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Monday, January 30, 2017

Buon Appetito: Food Tourism in Northern Italy

Please indulge in some recent stories written for Orbitz Blog about Italian food and cultural tourism in the regions of Emilia Romagna and Piemonte. To whet your appetite before clicking on the links, see below. Buon appetito!

How to Eat Your Way Through Emilia Romagna

A wheel of authentic Parmagiano Reggiano
being inspected

Parma ham and other dried meat

Unshrouding Turin

Bicerin--a mix of coffee, chocolate and whipped
milk-- is a local specialty in Turin

The world's very first Eataly is
located in Turin  

Sunday, January 22, 2017

So You Want to Be a Travel Blogger?

I'm Tallin You
I'll never describe Estonia as 'quaint'
The Top 9 Travel Writing Taboos

#1: Avoid cliches like the plague. The Danish in Copenhagen isn't the best thing since sliced bread (since when is sliced bread so great, anyway, I wonder?) When was the last time you really felt like a kid in the candy store? And unless you are trying out a carousel, you don't give things a whirl.

#2: Avoid words you never use when talking. I'm talking iconicquaint, and rustic. 

#3: Just to prove that I am not overly persnickety, I'll allow one quaint or iconic per article. But never, ever use luxe or azure, for sure.

#4: That the grass is green is not newsworthy. That the beach is sandy is not newsworthy. Don't include useless and/or redundant adjectives. Keep it pithy, people.

#5: Can a city boast? Apparently, it can, as "Chicago boasts the best deep-dish pizza in the world" and "Honolulu boasts grand luxe hotels, sandy beaches, and azure skies."  But IMHO, a place cannot boast.

#6: Is Albania the next Italy? I don't think so. But some travel writers do. "The next...." is not merely cliched writing; it is also somewhat pejorative if you think about it (i.e.--the next best thing to sliced bread....but it ain't no slice of bread).

#7: Don't trash the locals or local customs just for the heck of it. If you do, as in this piece I did for National Geographic Traveler  that literally trash talks Albania, provide context and balance.

#8: Maybe it's me, because I simply abhor chick-lit. Articles about your journey of self-discovery are usually a yawn, even to your closest friends. My best advice is to circumvent this form of literary litany. An aside--why is it that 99 out of 100 of self-confessional, self-delusional pieces are written by women?

#9: Never, never, never use the term "something for everyone" in your writing. It's lazy, it's annoying (to me, anyway) and it's simply not true. Don't you be telling me Des Moines has something for everyone. For example, if you are a surfer, where's the beach? New York City doesn't have something for everyone. If you are a climber, try finding a mountain to scale in Manhattan (skyscrapers don't count). Heck, even Sydney, the best city in the world (again, IMHO), doesn't have something for everyone. For example, if you are an astronomer, you can't see the Big Dipper and vast parts of Ursa Major in the Australian night sky. But you can pet a koala.

Which brings me to one more parenthetical point. You can pet a koala, but you can't pet a koala bear. Koalas are marsupials, not bears. Put that in your pouch and ponder. And one more point that may save your life one day: If you want to pet a koala, don't do so by awakening it from a eucalyptus-induced stupor. I can tell you from experience... this not a good idea. A koala awakened abruptly from its languor is a vicious animal. But that's a story to be chronic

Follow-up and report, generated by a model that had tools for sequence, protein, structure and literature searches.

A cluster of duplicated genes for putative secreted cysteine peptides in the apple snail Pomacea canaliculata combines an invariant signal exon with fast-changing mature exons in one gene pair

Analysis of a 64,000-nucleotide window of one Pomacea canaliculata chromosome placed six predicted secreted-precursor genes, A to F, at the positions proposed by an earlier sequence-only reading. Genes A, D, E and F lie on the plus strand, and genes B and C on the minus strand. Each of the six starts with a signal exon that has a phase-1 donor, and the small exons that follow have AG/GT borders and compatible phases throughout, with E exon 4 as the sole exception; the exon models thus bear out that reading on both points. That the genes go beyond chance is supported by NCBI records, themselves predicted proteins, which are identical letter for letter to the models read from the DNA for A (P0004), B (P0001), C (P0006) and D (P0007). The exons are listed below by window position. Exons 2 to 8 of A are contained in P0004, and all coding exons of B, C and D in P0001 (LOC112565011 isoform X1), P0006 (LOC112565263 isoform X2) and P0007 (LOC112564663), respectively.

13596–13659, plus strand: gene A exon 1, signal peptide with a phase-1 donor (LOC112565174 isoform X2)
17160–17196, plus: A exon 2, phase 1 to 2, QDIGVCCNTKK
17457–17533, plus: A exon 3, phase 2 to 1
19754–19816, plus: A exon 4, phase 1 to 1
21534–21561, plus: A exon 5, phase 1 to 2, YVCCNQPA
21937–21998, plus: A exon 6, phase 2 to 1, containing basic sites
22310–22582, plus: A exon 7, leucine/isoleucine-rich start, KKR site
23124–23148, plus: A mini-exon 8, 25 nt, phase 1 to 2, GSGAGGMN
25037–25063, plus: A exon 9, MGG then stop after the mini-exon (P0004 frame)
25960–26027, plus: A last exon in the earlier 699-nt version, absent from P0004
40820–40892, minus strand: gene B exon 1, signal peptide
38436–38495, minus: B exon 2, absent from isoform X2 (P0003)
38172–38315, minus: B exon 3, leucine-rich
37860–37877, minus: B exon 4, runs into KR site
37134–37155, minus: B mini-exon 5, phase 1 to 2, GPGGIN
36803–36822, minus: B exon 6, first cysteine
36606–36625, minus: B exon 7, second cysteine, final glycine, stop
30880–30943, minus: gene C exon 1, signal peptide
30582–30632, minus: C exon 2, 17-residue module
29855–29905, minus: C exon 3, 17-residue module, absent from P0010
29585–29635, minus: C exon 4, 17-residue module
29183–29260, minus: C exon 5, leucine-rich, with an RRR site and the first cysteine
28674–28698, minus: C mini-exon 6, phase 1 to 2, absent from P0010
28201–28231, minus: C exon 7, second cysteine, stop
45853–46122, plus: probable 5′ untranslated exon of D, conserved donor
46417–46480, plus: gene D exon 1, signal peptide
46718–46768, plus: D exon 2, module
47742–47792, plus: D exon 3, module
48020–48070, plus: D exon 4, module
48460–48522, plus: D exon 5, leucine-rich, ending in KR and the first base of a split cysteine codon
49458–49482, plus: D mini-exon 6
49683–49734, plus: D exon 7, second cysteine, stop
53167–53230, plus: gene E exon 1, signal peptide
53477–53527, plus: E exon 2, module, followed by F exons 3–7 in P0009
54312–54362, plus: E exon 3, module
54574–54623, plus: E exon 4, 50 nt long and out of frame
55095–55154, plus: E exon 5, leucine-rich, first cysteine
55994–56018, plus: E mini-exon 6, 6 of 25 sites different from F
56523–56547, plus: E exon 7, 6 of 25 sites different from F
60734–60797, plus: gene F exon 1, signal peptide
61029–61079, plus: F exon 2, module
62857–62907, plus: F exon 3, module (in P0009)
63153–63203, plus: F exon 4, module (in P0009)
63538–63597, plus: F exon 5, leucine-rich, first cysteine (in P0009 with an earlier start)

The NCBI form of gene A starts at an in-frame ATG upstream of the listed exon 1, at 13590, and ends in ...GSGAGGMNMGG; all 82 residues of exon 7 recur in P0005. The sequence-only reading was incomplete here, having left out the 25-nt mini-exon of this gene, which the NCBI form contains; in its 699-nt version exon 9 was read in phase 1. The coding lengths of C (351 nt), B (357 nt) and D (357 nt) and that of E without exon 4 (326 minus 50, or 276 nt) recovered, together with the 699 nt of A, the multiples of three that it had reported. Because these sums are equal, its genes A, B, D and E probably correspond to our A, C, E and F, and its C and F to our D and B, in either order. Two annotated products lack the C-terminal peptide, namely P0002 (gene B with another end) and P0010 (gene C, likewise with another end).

Tuesday, January 3, 2017

Travel Trends for 2017

2017 is going to be the year of the experience. Now that travel to places that were once considered exotic has become somewhat pedestrian (oh yeah, I’m heading to Easter Island tomorrow--you?), it’s the search for the ultimate experience that may reign supreme...no matter where it takes place. That said, experiences need to be one-of-a-kind and indigenous to the place visited.

For example, during a recent trip to Italy, I bypassed Rome and Venice and focused on making gelato in Bologna and truffle hunting near Alba.

Tasting the fruits of my gelato-making efforts
at Gelato University in Bologna

Searching for truffles with
Igor and Rocky

A fjord in
Northern Norway

2017 will also be the year when people are looking chill out and escape from reality. This means that instead of heading to the world’s great cities, they may be prone to head to the outer reaches of familiar countries. Iceland has been a very popular place for the past several years. This year, there may be a fjord in your future, as seekers of calm and isolation may head above the Arctic Circle, exploring Nunavut in Canada, Lapland in Finland and Northern Norway. In all of these places, visitors can experience the Midnight Sun, giving them more daylight to lap up adventures. In Northern Norway, those adventures include riding horses, hanging ten at the world's northernmost surfing school, or French kissing with wolves.
Getting Intimate with Wolves
at Norway's Polar Park

In the United States, the desire to get away from crowded spaces will also predominate. National parks will continue to be popular escape routes. Rural states like Nebraska and the Dakotas may also see an upswing in tourism. 

Also, so-called secondary cities will experience a renaissance. During the past few years, places like Richmond, VA; Cincinnati, OH; and Boise, ID have become beacons of urban cool. Young chefs, priced out of major markets, are opening restaurants in these smaller burgs, while uber-cook, cutting-edge lodging brands, like 21c Museum Hotels and Aparium, are focusing their efforts in these under-a-million cities.

Art at a 21c Museum Hotel

A room at The Modern in Boise, Idaho